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Catching The Torch: Samuel Houde’s game-winning goal, Allan McShane’s dominant play at centre

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Stats, highlights, and updates on the Montreal Canadiens prospects from the past week.

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Each week we take an in-depth look at young members of the organization while providing an overview of Habs prospects playing at the junior (OHL, WHL), collegiate (NCAA) level.

Allan McShane has 20 points in his last 12 games. He added three assists on Saturday and another one on Sunday to continue this impressive streak.

McShane isn’t the greatest skater; that is known. He isn’t explosive, lacks knee bend, and skates in wide tracks, diminishing his ability to rapidly turn and get around defenders off the rush.

Making it to the NHL will require improvements to his skating, yes, but he will also need to find ways to work around his mobility issues, as it’s probable that it remains below average compared to NHL players even with time invested with skating coaches. There are often physical limits that prevents players from completely transforming their skating, save for a few exceptions.

McShane is also of smaller stature at 5’11’’, but the good news is that isn’t “small” by the new NHL standards. He also doesn’t lack strength. McShane shows that his skill isn’t limited to the open ice and that he can be very good against tight pressure situations, being quick in finding ways to neutralize opponents in puck battles and using his handling to make plays or keep the puck on the offensive side in those situations.

If he can’t out-skate defenders, he needs to at least beat them when the puck is in range and free to be picked up. This is done by gaining body positioning, tying up sticks, and using your own to find the puck and a passing option.

A good complement to McShane’s developing abilities along the board and in tight quarters, like the front of the net, is his vision. Few players in the OHL, if any, process the game at a higher speed than the Habs prospect. Even with multiple opponents on him, the majority of the time he still knows where to send the puck to make the best play possible. It is often not a wobbly pass that prevents a shot on net, but instead usually lands perfectly on the tape of the open player.

He can also creatively use the boards to get the puck through traffic or a few stickhandling moves to do the same. His assist on a game-winning goal in overtime last week was a good example of this.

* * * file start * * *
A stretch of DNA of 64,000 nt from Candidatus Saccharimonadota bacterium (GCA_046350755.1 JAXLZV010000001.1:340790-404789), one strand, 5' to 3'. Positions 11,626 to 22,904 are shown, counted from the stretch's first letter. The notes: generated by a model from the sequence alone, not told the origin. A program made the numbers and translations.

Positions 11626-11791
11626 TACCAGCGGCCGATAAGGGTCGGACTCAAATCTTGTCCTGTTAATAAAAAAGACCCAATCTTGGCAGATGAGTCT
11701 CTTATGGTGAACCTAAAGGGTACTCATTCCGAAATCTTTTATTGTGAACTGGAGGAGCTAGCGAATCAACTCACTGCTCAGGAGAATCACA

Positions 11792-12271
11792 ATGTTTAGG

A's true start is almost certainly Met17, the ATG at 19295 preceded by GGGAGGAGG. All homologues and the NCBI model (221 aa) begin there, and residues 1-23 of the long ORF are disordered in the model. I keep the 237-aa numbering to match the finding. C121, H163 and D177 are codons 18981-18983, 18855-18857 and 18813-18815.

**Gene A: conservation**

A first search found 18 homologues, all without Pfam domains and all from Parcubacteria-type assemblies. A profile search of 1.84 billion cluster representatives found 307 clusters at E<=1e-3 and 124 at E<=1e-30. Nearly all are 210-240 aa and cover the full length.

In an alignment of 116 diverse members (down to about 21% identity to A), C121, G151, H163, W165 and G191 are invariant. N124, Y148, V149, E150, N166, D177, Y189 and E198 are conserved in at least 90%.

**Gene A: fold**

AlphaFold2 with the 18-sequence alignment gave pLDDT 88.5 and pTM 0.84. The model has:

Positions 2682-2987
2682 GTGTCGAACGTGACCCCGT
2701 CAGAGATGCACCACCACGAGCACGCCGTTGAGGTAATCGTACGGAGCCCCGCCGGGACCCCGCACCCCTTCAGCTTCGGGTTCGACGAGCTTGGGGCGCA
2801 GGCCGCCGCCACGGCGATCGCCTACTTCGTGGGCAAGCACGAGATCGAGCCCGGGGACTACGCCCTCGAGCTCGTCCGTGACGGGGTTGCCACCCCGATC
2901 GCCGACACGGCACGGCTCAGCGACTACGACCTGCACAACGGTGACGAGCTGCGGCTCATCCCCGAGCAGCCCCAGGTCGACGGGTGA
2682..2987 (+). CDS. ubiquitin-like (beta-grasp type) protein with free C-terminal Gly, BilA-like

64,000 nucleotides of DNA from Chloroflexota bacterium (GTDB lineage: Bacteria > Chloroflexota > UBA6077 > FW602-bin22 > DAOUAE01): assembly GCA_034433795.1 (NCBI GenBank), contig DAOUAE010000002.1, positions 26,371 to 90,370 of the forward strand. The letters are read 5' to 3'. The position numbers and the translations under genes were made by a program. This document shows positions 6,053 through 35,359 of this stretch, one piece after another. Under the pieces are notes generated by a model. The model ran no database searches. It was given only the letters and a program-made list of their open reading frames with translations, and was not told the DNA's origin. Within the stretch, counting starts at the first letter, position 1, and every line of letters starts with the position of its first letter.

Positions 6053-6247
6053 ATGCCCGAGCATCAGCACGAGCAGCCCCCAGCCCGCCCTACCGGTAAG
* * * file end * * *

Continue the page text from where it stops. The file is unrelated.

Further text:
Allan McShane wears #61 with the Oshawa Generals

Even with a legitimate weakness in his skating, there is an exciting future for McShane, especially if he keeps adding elements to his game and shows consistent play, something that plagued him in his draft year.

Plus, the fact that his recent success has coincided with a move to centre — a more valuable position — is a bonus for Montreal.

Samuel Houde, C, Chicoutime Saguenéens

Houde was the first star on Saturday night and the second star on Wednesday. He recorded two points against the Blainville-Boisbriand Armada and followed it up by scoring the game-winning goal against the Québec Remparts the next game.

Since December 12, he has been scoring at a point-per-game rate with 14 points in 14 contests. Before that, production was very scarce for the centreman after a great start to the season. So which is the real Samuel Houde? Unless he proves otherwise, probably a performer who falls somewhere in between.

Houde has great hands and is able to make defenders miss. He also has a solid shot that combines power and accuracy. It’s this weapon that allowed him to give his team a much needed victory over the Remparts.

Houde also had a couple of other good scoring opportunities in that game. One of his previous shots had gone off the crossbar after he released in stride, and another one was caught beautifully by the goalie who just managed to get a glimpse of the fired puck as it was released.